Equally peculiar is the suggestion that we should keep such information from the inferior classes lest they abandon self-improvement and wallow instead in gossip about their betters.

That makes Brandeis sound like a wuss and a snob.
Although many current and recently-graduated law students, as well as a number of practicing attorneys, have written about the oversupply of lawyers, the crippling student debt loads carried by new attorneys, and the fading prospects for young lawyers on the whole, few in legal academia have acknowledged the growing disconnect between law schools and the students and profession these purport to serve. Brian Tamanaha broke ranks this past week with a frank wake-up call to his fellow professors; speaking about the frustration expressed in students' and graduates blogs, he wrote:
Look past the occasional vulgarity and disgusting pictures. Don’t dismiss the posters as whiners. To a person they accept responsibility for their poor decisions. But they make a strong case that something is deeply wrong with law schools.

Their complaint is that non-elite law schools are selling a fraudulent bill of goods. Law schools advertise deceptively high rates of employment and misleading income figures.


And for the opportunity to enter a saturated legal market with long odds against them, the tens of thousands newly minted lawyers who graduate each year from non-elite schools will have paid around $150,000 in tuition and living expenses, and given up three years of income. Many leave law school with well over $100,000 in non-dischargeable debt, obligated to pay $1,000 a month for thirty years.

This dismal situation was not created by the current recession—which merely spread the pain up the chain into the lower reaches of elite schools. This has been going on for years.


What can we do? As a start, we can provide prospective students with straightforward information about the employment numbers of recent graduates. It is open knowledge that many law schools present employment information in a misleading fashion, or don’t disclose it at all. This lack of candor on the part of law schools is itself a telling indication that there is something problematic about the product we are selling to prospective students.

More crucially, law schools must shrink the number of graduates, and must hold the line on tuition increases. (The fact that many students get scholarships is no answer because it simply means that some students, those paying full fare—often the students with the worst prospects—are subsidizing others.) This will be painful: smaller raises (perhaps even salary reductions), smaller administrations, smaller faculties, more teaching, less money for research, travel, and conferences.

The longer law schools delay in undertaking these measures, the more casualties there will be. At some point, law professors can no longer disclaim responsibility for the harmful consequences of this enterprise.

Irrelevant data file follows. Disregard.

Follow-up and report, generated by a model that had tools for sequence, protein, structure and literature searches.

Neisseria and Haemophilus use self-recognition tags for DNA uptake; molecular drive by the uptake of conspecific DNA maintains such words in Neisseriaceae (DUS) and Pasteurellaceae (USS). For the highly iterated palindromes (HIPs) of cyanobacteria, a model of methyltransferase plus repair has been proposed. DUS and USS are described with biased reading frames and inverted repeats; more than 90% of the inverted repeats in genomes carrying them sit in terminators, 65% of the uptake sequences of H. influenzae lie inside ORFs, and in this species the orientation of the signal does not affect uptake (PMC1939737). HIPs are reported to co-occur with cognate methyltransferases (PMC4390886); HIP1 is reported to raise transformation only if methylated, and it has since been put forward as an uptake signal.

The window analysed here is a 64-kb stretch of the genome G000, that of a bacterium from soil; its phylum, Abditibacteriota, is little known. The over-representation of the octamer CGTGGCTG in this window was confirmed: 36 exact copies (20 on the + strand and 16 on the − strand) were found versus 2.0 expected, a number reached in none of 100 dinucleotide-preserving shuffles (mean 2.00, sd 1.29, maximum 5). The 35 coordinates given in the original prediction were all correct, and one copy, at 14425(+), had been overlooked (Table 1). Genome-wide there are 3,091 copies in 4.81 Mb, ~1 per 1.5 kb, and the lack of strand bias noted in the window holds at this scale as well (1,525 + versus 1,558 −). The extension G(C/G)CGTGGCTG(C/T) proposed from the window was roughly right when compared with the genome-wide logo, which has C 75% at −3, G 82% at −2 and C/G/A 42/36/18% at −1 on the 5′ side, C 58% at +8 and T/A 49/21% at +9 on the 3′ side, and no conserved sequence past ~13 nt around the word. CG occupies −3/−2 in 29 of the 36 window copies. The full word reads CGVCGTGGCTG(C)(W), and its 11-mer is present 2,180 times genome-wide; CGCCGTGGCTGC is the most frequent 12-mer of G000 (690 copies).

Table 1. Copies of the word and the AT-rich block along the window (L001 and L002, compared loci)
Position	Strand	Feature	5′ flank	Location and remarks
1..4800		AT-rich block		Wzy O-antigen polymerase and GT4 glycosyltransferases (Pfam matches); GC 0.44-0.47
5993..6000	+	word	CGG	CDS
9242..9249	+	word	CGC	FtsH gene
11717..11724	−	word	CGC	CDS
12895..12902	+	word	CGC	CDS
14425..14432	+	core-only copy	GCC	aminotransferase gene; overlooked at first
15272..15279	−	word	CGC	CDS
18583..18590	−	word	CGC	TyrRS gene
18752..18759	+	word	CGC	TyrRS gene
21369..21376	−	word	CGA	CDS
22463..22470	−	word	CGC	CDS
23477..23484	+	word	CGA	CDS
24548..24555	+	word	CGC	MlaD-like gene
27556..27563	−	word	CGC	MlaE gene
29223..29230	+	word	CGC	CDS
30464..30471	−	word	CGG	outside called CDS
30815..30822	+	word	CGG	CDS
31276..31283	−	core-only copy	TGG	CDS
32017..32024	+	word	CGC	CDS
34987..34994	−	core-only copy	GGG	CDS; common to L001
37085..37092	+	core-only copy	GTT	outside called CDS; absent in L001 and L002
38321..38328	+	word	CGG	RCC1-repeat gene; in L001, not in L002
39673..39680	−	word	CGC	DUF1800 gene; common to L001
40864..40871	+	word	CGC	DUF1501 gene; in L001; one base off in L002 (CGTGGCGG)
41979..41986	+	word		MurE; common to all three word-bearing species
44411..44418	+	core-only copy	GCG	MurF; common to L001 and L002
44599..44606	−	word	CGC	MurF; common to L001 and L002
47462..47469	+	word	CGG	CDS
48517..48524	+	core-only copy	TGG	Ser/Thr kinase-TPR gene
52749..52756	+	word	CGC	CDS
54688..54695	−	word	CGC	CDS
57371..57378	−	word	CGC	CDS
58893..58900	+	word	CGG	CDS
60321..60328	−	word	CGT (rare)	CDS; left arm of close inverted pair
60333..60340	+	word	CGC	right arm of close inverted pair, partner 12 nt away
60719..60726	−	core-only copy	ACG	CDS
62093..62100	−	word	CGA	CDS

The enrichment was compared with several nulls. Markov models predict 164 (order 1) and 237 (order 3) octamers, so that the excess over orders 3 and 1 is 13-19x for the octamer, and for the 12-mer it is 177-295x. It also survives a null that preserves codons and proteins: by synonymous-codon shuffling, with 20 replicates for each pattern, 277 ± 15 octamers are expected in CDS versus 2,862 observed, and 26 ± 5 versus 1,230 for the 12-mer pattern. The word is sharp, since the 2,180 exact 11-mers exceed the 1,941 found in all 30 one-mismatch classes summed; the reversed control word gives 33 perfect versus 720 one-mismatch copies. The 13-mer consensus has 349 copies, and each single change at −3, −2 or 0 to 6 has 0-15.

Though lengthy, I can't recommend highly enough the five-parts-long analysis of the Gary McKinnon case posted over the past week by David Allen Green (parts two through five are available here, here, here, and here). If you'd like to get a feel for the background of the matter before jumping-into Green's posts, a good round-up of news reports concerning this case (wherein a British computer hacker is fighting extradition to face charges in the United States) is available at Guardian.co.uk.

Finally this week, the findings of the Saville Report concerning the culpability of British forces in the so-called "Bloody Sunday" killings of thirteen unarmed protestors in Northern Ireland in 1972 were discussed by Charon QC:
I do feel that Lord Saville’s report is a remarkable undertaking and it is right that The Widgery Report is consigned, thereby, to history as a falsehood. I do think it right that David Cameron apologised. Our forces do much good, but it must be right, when they err and break the rules that they are held to account – whatever that form may or may not take in Northern Ireland. They say both sides were forgiven in the Good Friday agreement. We shall see if all sides are prepared to admit truth, apologise and move forward in peace.
While admissions, apologies, forgiveness, and progress may result, in the near-term the controversy over the killings and the Saville Report will continue. BBC News reports this morning that criminal charges against those involved in the incident are being considered but are probably unlikely to result from the findings of the report; nonetheless, paratroopers associated with the events of Bloody Sunday struck-back at those findings and defended the actions of an officer criticized therein. Perhaps an American, William Faulkner, described things best when he wrote, "The past is never dead. It's not even past."

And now, if you'll excuse me, I must get back to the World Cup.

Header pictures used in this post were obtained from (top to bottom) Carbolic Smoke Ball Co., City Law Centre - Toronto, eil.com, and Paris Odds n Ends Thrift Store.